To Be (Copula)

The to be verb extremely common in English, but it can be difficult to identify as a verb for a couple of reasons: (1) it’s not as apparent as an action verb (compare “he is” to “he jumped”), and (2) because it takes so many different forms, as seen below (including contractions):

  • is (’s)
  • am (’m)
  • are (’re)
  • were (’re)
  • was
  • being
  • been
  • be

The verb to be express the state of being itself, so it can be called a state-of-being verb, but it’s also called a linking verb since it binds a description back to the subject, such as the following examples:

  • He is happy.
  • I am lost.
  • They’re loud today.
  • We were tired after the hike.
  • Class was long.

Linguists call any language’s to be verb its copula, which is Latin for “bind.” That’s another way of calling it a linking verb.


Eliminating and Replacing To Be

Although to be is the most common verb in English and is extremely useful (you can even see it used in this sentence), eliminating or replacing it can often make your writing more precise. That is because the words you choose instead are likely to be more specific or are likely to add more information. Example:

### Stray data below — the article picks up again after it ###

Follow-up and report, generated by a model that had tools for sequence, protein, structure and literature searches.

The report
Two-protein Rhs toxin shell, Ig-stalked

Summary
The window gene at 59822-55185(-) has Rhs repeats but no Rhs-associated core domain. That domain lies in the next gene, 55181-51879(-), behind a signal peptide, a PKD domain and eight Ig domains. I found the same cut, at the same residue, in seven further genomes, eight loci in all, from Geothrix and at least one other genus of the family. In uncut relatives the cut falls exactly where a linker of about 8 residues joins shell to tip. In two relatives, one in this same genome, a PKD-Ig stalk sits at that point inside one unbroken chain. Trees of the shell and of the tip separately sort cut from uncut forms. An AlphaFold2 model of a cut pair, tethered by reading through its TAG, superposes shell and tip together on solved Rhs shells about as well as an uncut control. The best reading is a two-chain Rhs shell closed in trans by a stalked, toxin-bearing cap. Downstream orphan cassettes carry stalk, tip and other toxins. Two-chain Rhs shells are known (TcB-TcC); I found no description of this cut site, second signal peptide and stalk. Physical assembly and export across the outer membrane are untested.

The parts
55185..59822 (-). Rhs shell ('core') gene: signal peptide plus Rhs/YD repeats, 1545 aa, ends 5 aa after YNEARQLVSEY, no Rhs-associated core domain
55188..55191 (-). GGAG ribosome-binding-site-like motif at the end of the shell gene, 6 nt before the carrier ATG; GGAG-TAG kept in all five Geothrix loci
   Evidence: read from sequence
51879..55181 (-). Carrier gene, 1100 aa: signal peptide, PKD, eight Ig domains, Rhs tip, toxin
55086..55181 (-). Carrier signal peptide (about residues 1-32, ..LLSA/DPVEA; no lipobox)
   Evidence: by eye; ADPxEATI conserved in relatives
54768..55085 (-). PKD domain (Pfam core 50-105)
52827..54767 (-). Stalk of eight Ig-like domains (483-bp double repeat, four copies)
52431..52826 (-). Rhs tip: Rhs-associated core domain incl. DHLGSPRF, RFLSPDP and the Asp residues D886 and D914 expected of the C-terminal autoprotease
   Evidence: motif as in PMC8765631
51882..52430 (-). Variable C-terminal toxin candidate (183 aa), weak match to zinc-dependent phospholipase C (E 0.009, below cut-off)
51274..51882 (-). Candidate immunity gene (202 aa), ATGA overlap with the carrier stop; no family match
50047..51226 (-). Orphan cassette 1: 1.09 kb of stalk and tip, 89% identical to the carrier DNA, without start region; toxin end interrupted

Using to be:

My parents were angry with me.


Options for eliminating and replacing to be:

  1. My parents grew angry with me.
  2. My parents felt angry with me.
  3. My parents yelled at me and kicked me out of the house.

In option 1, the word “grew” adds the suggestion that the anger did not used to be there and came about through some process of behavior. In option 2, the word “felt” emphasizes a more temporary emotional state, as if the parents will feel otherwise later or perhaps are more emotional than they should be. Option 3 takes advantage of the more precise words replacing to be and thereby uses the strategy of specificity: getting rid of the abstraction “angry” and replacing it with particular actions that can be seen or heard. See more information in the section Specificity.



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